By Yessenia Funes

The Intergovernmental Panel on Climate Change released its final report Monday. The Frontline explores the significance of the sixth report finally naming “colonialism” as a historical and ongoing driver of the climate crisis.

The Intergovernmental Panel on Climate Change (IPCC) released its first report in 1990. Over 30 years later, the word “colonialism” finally made its way into the IPCC’s sixth assessment report. The panel’s working group two report, which looks at the impacts of climate change on people, listed colonialism not only as a driver of the climate crisis but also as an ongoing issue that is exacerbating communities’ vulnerability to it.

The addition of one word may not seem like a big deal—but don’t be fooled. This is major. The IPCC publishes a summary for policymakers alongside every report. This is the document world leaders look to when they’re in the thick of negotiations at COP, the annual U.N. climate meeting. The summary’s final language is meticulously scrutinized and discussed line by line—and not just by the world’s top scientists, but also by officials representing 195 governments. That means that officials and scientists from around the globe now recognize the significant role colonialism has played in heating up our planet and destroying its many gifts.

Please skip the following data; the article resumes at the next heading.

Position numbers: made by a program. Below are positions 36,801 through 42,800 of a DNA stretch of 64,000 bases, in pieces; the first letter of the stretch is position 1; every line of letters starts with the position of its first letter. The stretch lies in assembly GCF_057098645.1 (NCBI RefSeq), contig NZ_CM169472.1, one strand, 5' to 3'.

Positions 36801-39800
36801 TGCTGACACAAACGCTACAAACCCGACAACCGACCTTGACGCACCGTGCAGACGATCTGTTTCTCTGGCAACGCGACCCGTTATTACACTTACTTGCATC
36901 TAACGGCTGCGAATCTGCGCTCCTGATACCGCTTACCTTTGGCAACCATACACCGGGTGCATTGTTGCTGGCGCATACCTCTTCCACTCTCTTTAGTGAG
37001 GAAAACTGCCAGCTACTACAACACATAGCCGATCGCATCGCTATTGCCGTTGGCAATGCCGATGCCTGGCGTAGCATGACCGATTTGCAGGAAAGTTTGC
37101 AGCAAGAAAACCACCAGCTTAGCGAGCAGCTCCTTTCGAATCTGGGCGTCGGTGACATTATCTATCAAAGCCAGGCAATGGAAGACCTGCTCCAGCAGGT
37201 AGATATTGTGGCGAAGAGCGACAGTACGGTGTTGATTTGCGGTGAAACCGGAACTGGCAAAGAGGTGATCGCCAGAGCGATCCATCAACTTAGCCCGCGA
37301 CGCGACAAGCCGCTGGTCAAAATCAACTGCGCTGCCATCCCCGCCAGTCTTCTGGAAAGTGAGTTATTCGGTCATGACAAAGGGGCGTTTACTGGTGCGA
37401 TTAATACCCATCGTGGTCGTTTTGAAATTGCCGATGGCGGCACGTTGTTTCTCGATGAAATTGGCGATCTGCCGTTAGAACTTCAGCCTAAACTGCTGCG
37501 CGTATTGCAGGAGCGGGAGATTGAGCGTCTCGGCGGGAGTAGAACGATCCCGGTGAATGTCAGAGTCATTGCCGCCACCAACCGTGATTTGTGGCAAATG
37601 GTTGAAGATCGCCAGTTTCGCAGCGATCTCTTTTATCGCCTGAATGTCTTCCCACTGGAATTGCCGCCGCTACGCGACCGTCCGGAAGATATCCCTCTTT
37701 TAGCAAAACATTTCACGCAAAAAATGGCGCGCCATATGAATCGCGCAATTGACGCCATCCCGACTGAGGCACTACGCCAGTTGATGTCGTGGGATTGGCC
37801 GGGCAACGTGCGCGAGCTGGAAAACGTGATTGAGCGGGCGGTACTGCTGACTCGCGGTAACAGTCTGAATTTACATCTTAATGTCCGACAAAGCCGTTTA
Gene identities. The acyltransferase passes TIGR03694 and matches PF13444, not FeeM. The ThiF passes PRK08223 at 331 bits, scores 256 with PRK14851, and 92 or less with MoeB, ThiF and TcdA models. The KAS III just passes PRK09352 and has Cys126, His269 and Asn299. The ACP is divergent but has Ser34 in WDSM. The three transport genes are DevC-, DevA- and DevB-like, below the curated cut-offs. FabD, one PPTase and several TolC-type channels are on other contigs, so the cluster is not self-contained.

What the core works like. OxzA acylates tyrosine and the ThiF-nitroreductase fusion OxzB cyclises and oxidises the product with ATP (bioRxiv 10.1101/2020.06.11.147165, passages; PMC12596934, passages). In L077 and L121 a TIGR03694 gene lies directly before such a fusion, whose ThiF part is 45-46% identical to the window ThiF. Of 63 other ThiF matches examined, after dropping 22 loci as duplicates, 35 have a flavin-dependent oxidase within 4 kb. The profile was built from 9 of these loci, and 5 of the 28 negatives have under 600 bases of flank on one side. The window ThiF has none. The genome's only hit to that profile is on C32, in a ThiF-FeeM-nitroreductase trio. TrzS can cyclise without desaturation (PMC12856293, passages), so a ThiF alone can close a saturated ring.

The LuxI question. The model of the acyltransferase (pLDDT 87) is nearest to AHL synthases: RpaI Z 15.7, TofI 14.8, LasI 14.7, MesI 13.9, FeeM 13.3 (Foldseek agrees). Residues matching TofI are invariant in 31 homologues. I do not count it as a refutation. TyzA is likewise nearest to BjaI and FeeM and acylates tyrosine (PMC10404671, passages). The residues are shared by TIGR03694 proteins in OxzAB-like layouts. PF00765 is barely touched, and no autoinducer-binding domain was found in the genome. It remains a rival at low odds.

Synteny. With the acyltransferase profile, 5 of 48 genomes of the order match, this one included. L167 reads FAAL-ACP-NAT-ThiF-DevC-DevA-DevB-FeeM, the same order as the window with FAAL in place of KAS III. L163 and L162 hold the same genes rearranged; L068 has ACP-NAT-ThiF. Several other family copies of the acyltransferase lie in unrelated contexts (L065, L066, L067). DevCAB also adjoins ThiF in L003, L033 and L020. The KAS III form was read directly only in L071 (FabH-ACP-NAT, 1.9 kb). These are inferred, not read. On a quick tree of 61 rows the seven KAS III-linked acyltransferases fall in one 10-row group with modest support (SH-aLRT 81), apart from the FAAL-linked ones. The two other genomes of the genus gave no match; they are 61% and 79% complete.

“It’s about time.”

That was Adrien Salazar’s reaction when he saw that “colonialism” finally made it into the IPCC report last month. Salazar is the policy director for Grassroots Global Justice Alliance, which is made up of over 60 groups advocating for the rights of the most marginalized. 


“Our country [the U.S.] was born out of colonialism and slavery,” Salazar said. “That has been reinforced over generations by policy.”

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